The reality is that neither Biden nor Obama have the attributes of an executive or a problem-solver. They’re not the kind of people who enjoy getting into the weeds of a practical problem, figuring out what’s really going on, sorting out the best alternative, and making that alternative happen. Obama’s long-time friend and consigliere Valerie Jarrett said of Obama “he’s been bored to death his whole life.” She evidently meant this positively, believing Obama’s boredom offers testimony to his brilliance. It does not. Intellectually-curious people are not often bored. And a non-bored, genuinely curious individual–a real problem-solver, a real executive–would not have wanted to just read intelligence briefings passively, as has been Obama’s practice…apparently unlike other Presidents…but would have wanted to interact with the briefers and question them. Had he done so, maybe he would have learned something, maybe he would have been able to to improve the intelligence flow and decision-making process..and maybe Ambassador Stevens and the other murdered Americans would still be alive. But that’s not the kind of work Obama enjoys or that he is willing to demand of himself; really, that’s not who he is.

Another post coming, hopefully today, about Biden’s remarks and Iranian nuclear weapons.

5 thoughts on “Some Notes on the VP Debate”

  1. Obama cannot afford to pick a fight with the intelligence community and Hillary Clinton. It’s been described as a “death wish.”

    The next development will be pretty interesting.

  2. Yes. This was one of several points in the debate when Biden left himself wide open and Ryan should have responded better. Ryan should have said something like, “The President is chief executive and is responsible for what happens on his watch. That’s his job. Any intelligence or operational failure is by definition his responsibility. Obviously neither you nor he understands that.”

    Obama and Congressional Democrats got away once with picking a public fight with the intelligence community. Perhaps they think they will be able to pull it off again.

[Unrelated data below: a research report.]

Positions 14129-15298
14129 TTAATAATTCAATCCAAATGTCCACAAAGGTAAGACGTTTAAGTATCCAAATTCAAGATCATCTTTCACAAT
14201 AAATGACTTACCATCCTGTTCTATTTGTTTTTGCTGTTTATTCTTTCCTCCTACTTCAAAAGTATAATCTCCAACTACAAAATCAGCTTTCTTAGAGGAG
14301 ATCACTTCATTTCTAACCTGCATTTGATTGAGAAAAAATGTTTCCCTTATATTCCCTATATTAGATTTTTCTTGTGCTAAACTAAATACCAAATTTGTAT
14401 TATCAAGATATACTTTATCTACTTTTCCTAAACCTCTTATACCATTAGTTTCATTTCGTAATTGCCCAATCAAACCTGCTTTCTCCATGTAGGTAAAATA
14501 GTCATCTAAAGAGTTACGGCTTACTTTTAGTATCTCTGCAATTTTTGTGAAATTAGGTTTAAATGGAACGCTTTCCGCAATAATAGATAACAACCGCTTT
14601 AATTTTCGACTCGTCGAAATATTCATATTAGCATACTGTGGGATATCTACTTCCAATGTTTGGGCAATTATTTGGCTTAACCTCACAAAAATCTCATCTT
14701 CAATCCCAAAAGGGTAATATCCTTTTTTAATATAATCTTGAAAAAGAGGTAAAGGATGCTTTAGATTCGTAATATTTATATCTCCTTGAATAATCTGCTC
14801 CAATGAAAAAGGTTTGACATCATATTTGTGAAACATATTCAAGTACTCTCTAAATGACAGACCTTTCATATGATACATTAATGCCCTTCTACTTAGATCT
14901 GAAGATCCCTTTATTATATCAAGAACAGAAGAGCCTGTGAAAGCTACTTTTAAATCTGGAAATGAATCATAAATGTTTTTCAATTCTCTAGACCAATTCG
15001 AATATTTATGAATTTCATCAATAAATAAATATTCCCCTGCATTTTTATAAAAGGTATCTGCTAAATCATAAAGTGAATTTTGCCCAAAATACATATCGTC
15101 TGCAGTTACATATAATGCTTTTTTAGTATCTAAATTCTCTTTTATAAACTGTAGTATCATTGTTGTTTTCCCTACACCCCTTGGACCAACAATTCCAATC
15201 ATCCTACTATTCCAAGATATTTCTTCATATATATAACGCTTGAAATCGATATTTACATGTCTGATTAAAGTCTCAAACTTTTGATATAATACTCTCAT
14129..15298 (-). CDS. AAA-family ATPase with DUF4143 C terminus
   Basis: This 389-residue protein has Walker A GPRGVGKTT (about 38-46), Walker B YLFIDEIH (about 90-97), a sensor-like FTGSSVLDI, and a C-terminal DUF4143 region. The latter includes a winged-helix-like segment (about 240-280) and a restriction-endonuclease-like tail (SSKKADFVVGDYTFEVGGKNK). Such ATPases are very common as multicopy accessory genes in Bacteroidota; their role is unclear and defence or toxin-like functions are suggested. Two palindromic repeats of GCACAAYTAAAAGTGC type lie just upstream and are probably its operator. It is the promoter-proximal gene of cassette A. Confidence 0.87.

3. A side note: Clearly not lack of budget – which increased 118%; White House security expands (how many guards over the Obama children’s trips – including spring break) and Libya saw reductions: paranoia, narcissism and poor judgment.

  4. Our own Jim Bennett:

    “John, let me suggest that the criteria for victory are changing. The debate no longer ends when the debaters walk off stage. And now it no longer ends when the TV spinners have, like cuckoos, laid their eggs and flown away. There is now the long, long reverberation in social media, where the basic debate footage serves as raw material for mash-ups and parodies and treatments for the rest of the election cycle and beyond. And Biden’s performance, which won him some tactical advantage in the debate, has set him up as the target for rich satire and a way that Ryan’s conventional performance didn’t and cannot do. His performance is comic gold, and although within hard-core Dem/left circles he will be celebrated as the warrior, everywhere else, and especially for basically apolitical young YouTube viewers, he will be the jackass supreme. I suspect that by Election Day, the various parodic videos will have had a larger viewership than the debate itself. By this criterion, the tactic was a massive miscalculation.”

  5. Robert – I was talking about this debate with someone today who didn’t see it – I said that Biden was acting like a jackass – and she said “that is what I have heard” – so his behavior definitely had had “legs”